In this example, a static pattern interval is used to determine whether or not the server properly responded to client 234 regarding the request by client 234 for the server to determine whether or not the integer “3058329203” is a prime number. In this example, the following parameterized pattern may be used for checking for prime integers over execution trace information: “<input($id, $num)→output($id, $ack): !proof($id)>”, which reads: between the server log entry “input($id, $num)” and the server log entry “output($id, $ack)”, there should be no server log entry that matches “proof($id)”. In this example, use of the variable “$id” ensures that pattern matching only will match server log entries from a given client.

In this example, application of this parameterized pattern to execution traces 320 results in a matching of the two boundary patterns, thereby resulting in a variable mapping (i.e., ($id=234, $num=3058329203, $ack=1)). The portion of execution traces 320 between the two boundary patterns is extracted from execution traces 320. The parameterized pattern is then applied to the extracted portion of execution traces 320 to verify that the pattern “proof(234)” does not appear in the extracted portion of execution traces 320. In this example, the pattern “proof(234)” should not appear in the extracted portion of execution traces 320 because the integer for which primality is checked is a prime number (as indicated by the output of “1” provided from the server to client 234) and, thus, there should not be any factor recorded in the server log for that integer for that client. In this example, application of this parameterized pattern to execution traces 320 is performed twice (i.e., the first pass is to identify a portion of execution traces 320 to be further analyzed, and the second pass is to further analyze the portion of execution traces 320 for presence of the “proof” pattern).

The parameterized execution trace analysis functions depicted and described with respect to the specific example of FIG. 3 may be generalized as depicted and described with respect to the method of FIG. 4.

FIG. 4 depicts a method according to one embodiment of the present invention. Specifically, method 400 of FIG. 4 includes a method for validating system properties of a system exhibited in execution traces generated by the system during system testing of the system. Although depicted and described as being performed serially, at least a portion of the steps of method 400 may be performed contemporaneously, or in a different order than depicted and described with respect to FIG. 4. The method 400 begins at step 402 and proceeds to step 404.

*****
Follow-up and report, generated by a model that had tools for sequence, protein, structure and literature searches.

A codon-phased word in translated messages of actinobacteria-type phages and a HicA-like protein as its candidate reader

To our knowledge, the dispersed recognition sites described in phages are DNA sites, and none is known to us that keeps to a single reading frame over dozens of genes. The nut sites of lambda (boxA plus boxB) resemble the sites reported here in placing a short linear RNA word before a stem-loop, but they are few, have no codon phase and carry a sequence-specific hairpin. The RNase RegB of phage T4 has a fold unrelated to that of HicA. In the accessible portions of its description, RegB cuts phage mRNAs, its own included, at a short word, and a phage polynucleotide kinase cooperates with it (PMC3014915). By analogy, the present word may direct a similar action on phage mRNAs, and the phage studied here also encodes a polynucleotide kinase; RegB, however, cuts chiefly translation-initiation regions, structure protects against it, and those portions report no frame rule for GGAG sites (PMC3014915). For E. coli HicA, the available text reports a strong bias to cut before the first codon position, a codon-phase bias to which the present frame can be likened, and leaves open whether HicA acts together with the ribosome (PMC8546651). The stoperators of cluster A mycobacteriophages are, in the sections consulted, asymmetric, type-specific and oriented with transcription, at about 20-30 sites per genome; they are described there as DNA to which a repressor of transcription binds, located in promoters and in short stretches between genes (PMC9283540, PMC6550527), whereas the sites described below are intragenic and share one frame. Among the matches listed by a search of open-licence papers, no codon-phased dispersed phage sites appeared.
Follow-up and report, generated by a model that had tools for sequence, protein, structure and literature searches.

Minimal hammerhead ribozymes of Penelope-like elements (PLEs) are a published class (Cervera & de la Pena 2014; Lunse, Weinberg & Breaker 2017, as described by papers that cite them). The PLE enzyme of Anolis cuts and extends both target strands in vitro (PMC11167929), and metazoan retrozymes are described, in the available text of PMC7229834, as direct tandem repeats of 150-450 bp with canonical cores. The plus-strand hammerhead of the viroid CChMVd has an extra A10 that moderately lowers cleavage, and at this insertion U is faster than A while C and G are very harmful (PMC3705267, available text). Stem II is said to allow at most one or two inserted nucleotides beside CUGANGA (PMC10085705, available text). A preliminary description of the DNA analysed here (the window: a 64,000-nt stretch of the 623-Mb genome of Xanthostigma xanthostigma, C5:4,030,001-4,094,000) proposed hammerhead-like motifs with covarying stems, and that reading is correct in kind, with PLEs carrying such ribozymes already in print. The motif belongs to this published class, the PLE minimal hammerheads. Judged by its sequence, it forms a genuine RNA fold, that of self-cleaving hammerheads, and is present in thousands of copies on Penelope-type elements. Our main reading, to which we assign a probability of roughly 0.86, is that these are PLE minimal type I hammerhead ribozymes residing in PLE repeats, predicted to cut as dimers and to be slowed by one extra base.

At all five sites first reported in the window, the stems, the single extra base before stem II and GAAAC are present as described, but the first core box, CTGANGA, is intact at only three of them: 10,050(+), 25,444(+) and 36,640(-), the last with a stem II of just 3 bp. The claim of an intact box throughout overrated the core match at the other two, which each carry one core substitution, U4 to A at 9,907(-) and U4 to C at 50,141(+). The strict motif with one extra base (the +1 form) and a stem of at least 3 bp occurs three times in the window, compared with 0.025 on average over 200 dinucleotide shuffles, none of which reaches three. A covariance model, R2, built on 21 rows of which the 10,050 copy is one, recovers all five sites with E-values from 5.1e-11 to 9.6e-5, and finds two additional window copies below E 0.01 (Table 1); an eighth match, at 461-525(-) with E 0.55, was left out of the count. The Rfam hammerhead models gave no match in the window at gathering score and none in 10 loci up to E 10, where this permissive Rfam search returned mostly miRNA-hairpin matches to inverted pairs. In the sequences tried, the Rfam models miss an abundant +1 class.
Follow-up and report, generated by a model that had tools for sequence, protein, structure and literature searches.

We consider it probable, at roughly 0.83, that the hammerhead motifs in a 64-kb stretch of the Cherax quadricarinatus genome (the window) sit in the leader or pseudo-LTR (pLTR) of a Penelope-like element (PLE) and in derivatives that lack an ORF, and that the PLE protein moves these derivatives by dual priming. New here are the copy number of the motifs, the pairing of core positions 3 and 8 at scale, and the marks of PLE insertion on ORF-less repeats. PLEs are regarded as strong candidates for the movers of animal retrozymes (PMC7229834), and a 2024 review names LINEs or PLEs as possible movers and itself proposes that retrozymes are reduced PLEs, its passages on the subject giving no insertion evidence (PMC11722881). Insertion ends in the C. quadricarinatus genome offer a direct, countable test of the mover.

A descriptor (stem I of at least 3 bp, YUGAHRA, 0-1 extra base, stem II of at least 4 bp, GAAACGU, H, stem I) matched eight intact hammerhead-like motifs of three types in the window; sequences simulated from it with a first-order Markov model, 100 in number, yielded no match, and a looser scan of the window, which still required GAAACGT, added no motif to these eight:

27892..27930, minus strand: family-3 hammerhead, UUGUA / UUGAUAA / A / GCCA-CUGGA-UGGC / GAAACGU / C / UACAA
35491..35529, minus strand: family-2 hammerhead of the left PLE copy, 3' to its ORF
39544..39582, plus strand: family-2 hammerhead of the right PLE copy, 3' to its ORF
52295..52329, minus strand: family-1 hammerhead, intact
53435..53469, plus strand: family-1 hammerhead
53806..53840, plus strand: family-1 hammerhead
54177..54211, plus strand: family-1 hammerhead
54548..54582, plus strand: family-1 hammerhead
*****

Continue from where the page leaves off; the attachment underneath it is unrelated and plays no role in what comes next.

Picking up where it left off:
At step 404, a test procedure is executed. The test procedure is executed by a testing system to perform testing of a system under test.

At step 406, pattern matching is performed on execution traces of the test procedure using one or more parameterized patterns. An execution trace generated during execution of the test procedure is parsed using one or more parameterized patterns to identify one or more matching patterns. The execution trace may be parsed online (e.g., where the execution trace is monitored during execution of the test procedure on the system under test) and/or offline (e.g., where the execution trace is parsed following completion of execution of the test procedure on the system under test).

At step 408, one or more structure terms is generated using the one or more matching patterns.

At step 410, a system test result is determined for the system under test using the structured term(s).

At step 412, method 400 ends.

Although depicted and described as ending (for purposes of clarity), it will be appreciated that some or all of the steps of method 400 may continue to be repeated to perform additional testing for the current testing procedure, to perform testing for additional testing procedures, to perform additional test cases, and the like, as well as various combinations thereof.

In one embodiment, for example, steps 404-410 may be repeated multiple times, such as where one or more applied to a next execution of steps 404-410 may depend on analysis of results from one or more previous executions of steps 404-410.

The parameterized execution trace analysis functions depicted and described herein significantly improve system testing by enabling validation of system runtime behavior exhibited in execution traces, thereby guarding against faulty products more thoroughly.